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As human beings, our systems are hardwired for connection, but loving others can sometimes come with loss. Whether you’re experiencing a breakup, a divorce, or the death of a loved one (even a pet), saying goodbye to those we care about can be a traumatic experience.
Without tools to navigate uncomfortable changes, heartache, in all its layered forms, can stop us from healing and finding hope again. The feelings of grief and loss that come with breakups, deaths, and huge life transitions can leave us feeling exposed, vulnerable, hopeless, and ultimately heartbroken.
While it may not always be easy, there is light on the other side of heartache. With a toolbox of healthy coping mechanisms, you can move forward with more ease.
Through any type of loss, finding balance and normalcy can feel far-fetched. When something shifts in your life, especially when the rest of life feels out of your control, your inner world is something you have full autonomy over. One of the best ways to move forward is to take your attention off the outside world and tend to your inner world: your emotions, feelings, desires, and needs.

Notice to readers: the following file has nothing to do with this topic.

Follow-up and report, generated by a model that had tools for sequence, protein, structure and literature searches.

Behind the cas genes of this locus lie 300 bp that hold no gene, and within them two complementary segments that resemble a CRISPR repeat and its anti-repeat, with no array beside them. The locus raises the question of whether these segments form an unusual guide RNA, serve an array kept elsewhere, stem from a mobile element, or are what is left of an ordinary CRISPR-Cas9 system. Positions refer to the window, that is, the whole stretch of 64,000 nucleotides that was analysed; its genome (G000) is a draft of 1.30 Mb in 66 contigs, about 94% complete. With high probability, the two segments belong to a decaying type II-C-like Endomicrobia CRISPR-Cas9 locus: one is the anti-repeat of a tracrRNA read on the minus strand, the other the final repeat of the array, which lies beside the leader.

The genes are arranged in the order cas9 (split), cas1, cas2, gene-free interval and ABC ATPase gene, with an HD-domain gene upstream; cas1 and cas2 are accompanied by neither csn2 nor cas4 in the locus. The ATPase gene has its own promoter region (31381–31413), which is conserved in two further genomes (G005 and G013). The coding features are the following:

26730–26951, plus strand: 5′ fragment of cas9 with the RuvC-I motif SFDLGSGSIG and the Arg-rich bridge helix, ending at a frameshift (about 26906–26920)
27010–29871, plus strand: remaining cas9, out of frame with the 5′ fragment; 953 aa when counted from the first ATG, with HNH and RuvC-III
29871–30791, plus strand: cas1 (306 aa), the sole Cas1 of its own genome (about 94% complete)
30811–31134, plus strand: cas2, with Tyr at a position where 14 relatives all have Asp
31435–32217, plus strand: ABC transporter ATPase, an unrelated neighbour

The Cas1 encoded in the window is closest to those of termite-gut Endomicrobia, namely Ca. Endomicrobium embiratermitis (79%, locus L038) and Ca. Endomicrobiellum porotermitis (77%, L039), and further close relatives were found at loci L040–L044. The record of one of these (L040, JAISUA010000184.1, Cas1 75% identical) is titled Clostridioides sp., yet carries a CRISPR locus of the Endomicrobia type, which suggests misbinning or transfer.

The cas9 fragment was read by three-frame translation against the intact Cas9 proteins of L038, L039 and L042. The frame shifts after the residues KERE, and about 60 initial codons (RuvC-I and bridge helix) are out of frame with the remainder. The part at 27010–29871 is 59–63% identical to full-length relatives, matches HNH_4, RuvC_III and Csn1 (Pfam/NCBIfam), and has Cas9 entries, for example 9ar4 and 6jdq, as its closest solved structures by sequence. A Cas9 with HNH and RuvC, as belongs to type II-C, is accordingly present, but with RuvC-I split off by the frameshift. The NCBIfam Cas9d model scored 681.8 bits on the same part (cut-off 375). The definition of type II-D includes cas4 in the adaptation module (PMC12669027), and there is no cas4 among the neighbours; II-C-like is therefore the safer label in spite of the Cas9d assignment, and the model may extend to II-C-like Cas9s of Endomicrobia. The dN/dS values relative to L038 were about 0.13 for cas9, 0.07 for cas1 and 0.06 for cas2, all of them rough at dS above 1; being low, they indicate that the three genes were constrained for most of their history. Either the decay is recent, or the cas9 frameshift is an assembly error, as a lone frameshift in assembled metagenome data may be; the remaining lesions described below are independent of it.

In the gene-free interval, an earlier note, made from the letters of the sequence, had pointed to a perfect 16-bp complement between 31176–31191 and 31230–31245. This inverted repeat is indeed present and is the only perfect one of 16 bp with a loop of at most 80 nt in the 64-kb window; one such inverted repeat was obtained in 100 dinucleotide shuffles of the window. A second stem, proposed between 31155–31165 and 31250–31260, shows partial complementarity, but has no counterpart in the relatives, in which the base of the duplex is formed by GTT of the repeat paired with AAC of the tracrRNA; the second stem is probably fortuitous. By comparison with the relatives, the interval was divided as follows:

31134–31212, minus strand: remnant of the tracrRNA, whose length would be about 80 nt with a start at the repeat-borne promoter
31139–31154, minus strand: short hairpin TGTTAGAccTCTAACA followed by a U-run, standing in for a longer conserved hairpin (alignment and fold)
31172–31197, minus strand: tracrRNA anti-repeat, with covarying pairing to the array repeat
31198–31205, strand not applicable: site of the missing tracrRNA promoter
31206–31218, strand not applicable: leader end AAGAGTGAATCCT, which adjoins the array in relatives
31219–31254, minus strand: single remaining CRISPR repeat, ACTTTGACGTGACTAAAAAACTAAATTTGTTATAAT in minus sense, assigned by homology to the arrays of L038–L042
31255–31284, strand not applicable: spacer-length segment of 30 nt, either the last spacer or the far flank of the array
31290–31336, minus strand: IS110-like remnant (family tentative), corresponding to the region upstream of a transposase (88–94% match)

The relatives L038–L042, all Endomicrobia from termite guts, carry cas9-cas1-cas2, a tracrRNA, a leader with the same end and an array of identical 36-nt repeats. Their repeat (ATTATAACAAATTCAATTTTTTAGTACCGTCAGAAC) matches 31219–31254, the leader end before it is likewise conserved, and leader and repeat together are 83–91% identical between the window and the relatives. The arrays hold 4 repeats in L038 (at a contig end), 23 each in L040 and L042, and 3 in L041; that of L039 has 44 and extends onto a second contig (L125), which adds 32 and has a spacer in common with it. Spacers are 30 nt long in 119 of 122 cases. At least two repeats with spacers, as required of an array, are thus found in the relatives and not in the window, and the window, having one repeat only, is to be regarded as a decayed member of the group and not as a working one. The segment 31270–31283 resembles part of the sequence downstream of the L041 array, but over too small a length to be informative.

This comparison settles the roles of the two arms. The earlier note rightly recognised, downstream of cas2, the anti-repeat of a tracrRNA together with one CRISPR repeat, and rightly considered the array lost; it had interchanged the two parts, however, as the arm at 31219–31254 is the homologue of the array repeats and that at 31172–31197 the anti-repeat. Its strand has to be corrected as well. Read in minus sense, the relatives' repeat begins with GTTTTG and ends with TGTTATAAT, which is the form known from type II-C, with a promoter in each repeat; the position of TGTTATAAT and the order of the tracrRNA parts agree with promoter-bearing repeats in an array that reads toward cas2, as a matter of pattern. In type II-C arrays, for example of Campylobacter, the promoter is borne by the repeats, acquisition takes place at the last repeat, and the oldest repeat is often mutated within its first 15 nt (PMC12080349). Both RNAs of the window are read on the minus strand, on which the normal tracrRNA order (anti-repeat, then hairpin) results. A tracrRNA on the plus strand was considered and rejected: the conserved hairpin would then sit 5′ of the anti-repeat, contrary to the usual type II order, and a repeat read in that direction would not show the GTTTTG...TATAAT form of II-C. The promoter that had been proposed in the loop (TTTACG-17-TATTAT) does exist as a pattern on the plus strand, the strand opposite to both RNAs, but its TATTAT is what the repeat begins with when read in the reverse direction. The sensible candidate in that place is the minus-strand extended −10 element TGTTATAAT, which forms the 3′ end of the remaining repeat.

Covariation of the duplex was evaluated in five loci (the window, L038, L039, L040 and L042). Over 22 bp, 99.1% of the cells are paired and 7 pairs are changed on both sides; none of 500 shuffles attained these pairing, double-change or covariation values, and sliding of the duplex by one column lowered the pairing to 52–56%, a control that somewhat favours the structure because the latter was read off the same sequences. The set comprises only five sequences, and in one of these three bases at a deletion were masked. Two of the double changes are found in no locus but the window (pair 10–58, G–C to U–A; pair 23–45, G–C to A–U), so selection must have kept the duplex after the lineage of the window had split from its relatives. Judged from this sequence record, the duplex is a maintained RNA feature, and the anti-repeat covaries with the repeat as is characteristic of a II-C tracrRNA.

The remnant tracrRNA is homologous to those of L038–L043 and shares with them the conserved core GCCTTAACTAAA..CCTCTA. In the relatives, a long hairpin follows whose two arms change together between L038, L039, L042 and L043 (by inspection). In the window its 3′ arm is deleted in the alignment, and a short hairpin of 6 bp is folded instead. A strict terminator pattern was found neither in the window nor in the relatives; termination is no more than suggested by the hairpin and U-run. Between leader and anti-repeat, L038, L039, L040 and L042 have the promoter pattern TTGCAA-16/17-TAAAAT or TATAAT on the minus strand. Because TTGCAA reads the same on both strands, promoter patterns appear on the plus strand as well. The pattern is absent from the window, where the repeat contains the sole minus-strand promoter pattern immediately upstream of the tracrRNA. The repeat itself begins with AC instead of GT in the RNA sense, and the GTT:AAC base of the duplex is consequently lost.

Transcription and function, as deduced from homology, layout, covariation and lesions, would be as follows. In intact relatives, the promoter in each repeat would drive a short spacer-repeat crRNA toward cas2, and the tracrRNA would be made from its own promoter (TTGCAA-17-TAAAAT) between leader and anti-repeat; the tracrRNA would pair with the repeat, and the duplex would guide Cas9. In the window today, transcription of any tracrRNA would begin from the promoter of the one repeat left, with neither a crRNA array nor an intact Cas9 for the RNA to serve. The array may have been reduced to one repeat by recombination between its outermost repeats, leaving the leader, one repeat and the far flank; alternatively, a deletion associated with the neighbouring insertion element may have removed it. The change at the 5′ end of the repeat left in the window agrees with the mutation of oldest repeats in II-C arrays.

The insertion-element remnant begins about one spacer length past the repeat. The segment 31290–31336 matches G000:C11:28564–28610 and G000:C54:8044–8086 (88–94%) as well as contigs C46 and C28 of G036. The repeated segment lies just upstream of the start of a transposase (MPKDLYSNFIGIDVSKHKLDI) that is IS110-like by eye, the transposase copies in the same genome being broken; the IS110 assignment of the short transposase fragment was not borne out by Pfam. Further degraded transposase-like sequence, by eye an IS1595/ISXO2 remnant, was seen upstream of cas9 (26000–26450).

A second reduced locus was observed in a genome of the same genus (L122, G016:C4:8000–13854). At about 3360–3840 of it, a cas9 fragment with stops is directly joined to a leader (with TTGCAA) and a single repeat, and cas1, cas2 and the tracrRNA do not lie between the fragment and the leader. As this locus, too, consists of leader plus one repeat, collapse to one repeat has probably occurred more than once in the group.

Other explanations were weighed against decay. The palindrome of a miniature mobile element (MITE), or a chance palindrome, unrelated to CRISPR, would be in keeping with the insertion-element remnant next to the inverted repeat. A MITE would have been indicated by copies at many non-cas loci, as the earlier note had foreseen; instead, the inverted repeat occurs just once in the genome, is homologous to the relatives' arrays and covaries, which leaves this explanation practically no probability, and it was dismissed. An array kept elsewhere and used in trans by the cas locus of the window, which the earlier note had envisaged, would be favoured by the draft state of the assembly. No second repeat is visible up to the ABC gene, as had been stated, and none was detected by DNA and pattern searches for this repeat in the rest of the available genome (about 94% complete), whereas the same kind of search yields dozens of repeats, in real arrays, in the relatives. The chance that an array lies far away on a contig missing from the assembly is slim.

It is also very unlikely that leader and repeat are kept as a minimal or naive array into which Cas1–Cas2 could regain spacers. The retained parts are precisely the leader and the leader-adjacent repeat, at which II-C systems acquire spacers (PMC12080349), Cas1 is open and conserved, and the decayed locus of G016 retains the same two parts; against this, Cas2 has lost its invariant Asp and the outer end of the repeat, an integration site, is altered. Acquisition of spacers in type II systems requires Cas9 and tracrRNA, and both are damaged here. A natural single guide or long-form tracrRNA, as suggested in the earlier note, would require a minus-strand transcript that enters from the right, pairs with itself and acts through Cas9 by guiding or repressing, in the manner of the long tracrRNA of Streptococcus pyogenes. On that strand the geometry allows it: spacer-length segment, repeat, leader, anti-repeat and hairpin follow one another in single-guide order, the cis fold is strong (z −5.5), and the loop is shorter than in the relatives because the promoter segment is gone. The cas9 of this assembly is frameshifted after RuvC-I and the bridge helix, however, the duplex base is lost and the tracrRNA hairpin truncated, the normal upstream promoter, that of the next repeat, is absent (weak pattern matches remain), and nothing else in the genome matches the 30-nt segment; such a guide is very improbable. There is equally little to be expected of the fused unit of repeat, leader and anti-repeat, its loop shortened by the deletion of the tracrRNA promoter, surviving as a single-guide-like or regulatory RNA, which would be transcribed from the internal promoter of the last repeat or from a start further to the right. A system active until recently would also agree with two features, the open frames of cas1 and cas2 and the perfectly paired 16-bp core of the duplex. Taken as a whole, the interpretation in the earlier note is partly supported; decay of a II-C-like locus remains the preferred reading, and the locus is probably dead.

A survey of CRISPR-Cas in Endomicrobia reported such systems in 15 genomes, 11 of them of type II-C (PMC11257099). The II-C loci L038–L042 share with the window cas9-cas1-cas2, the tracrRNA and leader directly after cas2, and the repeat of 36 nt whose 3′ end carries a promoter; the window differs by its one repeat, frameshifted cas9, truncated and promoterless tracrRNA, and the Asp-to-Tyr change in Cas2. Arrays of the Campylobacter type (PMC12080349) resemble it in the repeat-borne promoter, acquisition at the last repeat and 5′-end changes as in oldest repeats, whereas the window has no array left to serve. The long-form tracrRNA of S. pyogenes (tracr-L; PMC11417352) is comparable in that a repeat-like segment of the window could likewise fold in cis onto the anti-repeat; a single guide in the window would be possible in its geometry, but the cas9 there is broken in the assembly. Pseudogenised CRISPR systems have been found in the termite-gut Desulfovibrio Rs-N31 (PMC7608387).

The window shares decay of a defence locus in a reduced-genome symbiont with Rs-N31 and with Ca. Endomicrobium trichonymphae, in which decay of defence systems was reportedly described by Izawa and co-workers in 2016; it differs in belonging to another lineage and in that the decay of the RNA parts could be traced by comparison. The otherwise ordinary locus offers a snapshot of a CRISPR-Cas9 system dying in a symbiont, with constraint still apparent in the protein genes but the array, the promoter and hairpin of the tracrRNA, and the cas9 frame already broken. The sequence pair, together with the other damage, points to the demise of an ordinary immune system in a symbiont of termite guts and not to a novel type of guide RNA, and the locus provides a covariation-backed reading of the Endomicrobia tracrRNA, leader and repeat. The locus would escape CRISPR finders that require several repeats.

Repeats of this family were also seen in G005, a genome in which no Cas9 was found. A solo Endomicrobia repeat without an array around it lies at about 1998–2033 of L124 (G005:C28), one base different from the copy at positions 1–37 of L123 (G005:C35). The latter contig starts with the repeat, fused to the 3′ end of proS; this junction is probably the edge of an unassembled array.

These tools and self-care rituals will help you cope with grief.
I often tell my life-coaching clients that after a loss, you should take as much time as you need just for you. I call it “Me Matters” time, where you focus on your own physical, mental, emotional, and spiritual needs. Figure out who you want to be in the next phase of your life and what the universe is asking you to let go of. In times of loss, we are releasing not only people and a life we used to live, but also our own sense of self as it relates to the one we have lost. Take time to be with yourself and nurture your own needs.